Brandon Morrow Needs A Lot Of Work

Dave · September 18, 2009 at 11:26 am · Filed Under Mariners 

This probably isn’t news if you watched him pitch last night, or really at all since he returned to the team, but Brandon Morrow isn’t any better now than he was before his trip back to Tacoma. In fact, he might be worse.

In his two starts since rejoining the club, Morrow has displayed his usual lack of command, throwing strikes on just 58% of his pitches. But combined with his inability to find the plate, he’s added the new inability to miss bats. Of the 177 pitches he’s thrown in those two starts, he’s gotten 11 swinging strikes. When batters have swung at his pitches, they’ve made contact 91.7% of the time. Among pitchers with at least 100 innings pitched this year, the highest opponents rate of contact belongs to John Lannan, at 88.7%.

John Lannan is a pitch-to-contact groundball lefty with a fastball that averages 88 MPH.

His command is already Double-A quality. He can’t get left-handers out. And now, he’s not even fooling hitters. This version of Brandon Morrow is not a major league starting pitcher. He’s not even really close.

If I was advising Zduriencik on specific goals for the winter, #1 would be finding a team that still believes that Morrow can be a top of the rotation starter and is willing to pay for the right to try to turn him into one. He’s not anywhere close right now, and I think the M’s best option is to try to trade him to someone who still sees a 96 MPH fastball and thinks he’s got ace potential.


23 Responses to “Brandon Morrow Needs A Lot Of Work”

  1. Sports on a Schtick on September 18th, 2009 11:34 am

    Trade him or stick him in the minors for a long time. Those are the two most practical options.

    And please people, enough about how this was another boneheaded Bavasi move. Zduriencik royally screwed up on developing Morrow as well.

  2. Manzanillos Cup on September 18th, 2009 11:51 am

    What a frustrating player.

  3. urchman on September 18th, 2009 11:57 am

    If I was advising Zduriencik on specific goals for the winter, #1 would be finding a team that still believes that Morrow can be a top of the rotation starter and is willing to pay for the right to try to turn him into one.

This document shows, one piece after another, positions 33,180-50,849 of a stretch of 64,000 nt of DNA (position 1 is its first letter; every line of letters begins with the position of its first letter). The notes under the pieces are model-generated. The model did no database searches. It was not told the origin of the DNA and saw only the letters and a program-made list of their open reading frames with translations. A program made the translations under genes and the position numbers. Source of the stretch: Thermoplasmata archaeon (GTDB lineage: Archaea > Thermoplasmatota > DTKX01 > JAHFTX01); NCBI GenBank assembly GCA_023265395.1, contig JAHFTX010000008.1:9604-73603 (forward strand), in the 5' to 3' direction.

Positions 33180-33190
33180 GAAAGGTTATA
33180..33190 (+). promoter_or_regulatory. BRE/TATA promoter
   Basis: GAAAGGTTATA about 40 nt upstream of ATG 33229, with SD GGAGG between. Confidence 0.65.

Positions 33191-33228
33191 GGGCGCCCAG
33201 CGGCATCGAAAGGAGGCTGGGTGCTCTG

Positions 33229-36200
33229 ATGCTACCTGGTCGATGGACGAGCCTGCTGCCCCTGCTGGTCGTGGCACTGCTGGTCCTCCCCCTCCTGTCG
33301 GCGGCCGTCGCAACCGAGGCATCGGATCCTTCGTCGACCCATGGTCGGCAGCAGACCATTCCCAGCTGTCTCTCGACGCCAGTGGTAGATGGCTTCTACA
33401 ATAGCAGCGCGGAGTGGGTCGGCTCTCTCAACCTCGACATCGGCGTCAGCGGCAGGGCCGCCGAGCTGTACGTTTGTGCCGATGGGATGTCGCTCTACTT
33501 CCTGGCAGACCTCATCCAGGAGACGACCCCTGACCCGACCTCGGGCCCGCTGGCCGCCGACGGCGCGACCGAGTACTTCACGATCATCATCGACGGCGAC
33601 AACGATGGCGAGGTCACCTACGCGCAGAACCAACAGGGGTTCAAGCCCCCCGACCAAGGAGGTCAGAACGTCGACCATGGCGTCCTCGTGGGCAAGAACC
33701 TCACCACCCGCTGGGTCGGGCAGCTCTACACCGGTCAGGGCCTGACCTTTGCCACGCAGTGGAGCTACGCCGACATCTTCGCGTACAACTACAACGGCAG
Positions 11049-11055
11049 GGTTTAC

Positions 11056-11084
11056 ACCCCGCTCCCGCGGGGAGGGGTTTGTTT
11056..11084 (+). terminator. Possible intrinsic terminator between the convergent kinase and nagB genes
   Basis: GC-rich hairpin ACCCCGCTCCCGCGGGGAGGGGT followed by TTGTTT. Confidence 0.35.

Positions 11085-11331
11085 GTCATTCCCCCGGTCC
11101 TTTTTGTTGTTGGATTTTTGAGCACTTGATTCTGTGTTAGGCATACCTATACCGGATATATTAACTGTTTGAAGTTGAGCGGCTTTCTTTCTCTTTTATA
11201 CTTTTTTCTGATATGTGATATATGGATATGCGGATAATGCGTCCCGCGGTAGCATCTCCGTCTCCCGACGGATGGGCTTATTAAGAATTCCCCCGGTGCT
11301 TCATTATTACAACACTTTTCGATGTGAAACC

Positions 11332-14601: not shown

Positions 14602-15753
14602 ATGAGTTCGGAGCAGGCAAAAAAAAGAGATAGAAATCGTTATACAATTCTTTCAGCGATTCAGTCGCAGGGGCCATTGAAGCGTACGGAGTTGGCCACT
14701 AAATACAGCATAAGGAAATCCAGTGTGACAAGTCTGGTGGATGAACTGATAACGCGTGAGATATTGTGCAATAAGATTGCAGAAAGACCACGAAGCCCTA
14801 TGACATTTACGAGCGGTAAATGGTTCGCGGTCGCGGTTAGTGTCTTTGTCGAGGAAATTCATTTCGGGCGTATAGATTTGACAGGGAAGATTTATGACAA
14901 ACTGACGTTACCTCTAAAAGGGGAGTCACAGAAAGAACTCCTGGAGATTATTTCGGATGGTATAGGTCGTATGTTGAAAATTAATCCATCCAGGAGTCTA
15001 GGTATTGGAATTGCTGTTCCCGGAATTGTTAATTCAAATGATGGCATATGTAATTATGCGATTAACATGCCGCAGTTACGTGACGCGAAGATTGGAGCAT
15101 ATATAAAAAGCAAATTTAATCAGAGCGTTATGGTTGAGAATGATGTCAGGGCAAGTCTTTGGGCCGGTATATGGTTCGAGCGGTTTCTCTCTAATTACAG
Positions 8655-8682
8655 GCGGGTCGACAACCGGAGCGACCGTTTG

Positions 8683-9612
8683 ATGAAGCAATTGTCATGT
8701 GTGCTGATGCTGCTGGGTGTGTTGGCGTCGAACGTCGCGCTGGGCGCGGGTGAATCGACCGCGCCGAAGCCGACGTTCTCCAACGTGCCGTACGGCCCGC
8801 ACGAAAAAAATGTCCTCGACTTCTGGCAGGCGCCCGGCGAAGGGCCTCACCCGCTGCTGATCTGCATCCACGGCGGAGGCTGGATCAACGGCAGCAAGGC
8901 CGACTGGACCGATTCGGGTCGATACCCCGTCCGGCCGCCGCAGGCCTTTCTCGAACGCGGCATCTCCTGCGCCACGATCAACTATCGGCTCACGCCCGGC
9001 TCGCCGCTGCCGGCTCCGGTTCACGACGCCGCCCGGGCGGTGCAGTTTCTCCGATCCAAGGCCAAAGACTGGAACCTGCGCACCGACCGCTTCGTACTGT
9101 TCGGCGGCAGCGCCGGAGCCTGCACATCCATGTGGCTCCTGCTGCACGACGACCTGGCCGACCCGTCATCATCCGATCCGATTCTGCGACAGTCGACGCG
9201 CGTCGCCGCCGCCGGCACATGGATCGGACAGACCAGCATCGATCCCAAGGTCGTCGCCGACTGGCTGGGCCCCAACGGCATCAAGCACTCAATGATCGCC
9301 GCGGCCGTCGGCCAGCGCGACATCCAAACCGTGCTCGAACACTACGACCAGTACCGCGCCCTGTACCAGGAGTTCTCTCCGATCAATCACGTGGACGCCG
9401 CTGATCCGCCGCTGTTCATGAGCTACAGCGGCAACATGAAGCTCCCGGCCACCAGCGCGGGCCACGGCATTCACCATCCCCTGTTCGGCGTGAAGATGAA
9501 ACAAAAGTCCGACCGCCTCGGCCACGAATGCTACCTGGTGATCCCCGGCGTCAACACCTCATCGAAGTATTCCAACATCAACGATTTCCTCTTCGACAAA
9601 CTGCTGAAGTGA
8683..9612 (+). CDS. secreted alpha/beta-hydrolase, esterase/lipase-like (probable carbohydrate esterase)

Hopefully, most teams don’t read places like USSM.

  4. jared_kopp on September 18th, 2009 12:07 pm

    Hopefully, most teams don’t read places like USSM.

    I know a team like that!
    I wonder what would happen if Z gave Dayton Moore another call and offered Jose Lopez and Brandon Morrow for Alex Gordon.
    Sure its not going to happen. But hey – he took Yuni off our hands. He’s certainly crazy enough…right?
    Move Bill Hall to second?

  5. ThePopeofChilitown on September 18th, 2009 12:23 pm

    Last I heard, St. Louis loves turning former M’s into useful pitchers.

    What is a realistic return for a Morrow-like player? Is he worth a decent prospect or MLB ready player?

  6. littlelinny6 on September 18th, 2009 12:36 pm

    You are cherry picking off a really really small sample size. Despite his lack of command he had 10 swinging strikes yesterday on 97 pitches, or 10.3% swinging strikes. He had a terrible first outing as far as missing bats but this outing was much different. The 11 missed bats is disingenuous and misleading. He needs at least 5-6 starts in the Majors before you completely give up on him.

  7. mw3 on September 18th, 2009 12:37 pm

    Amen Brother!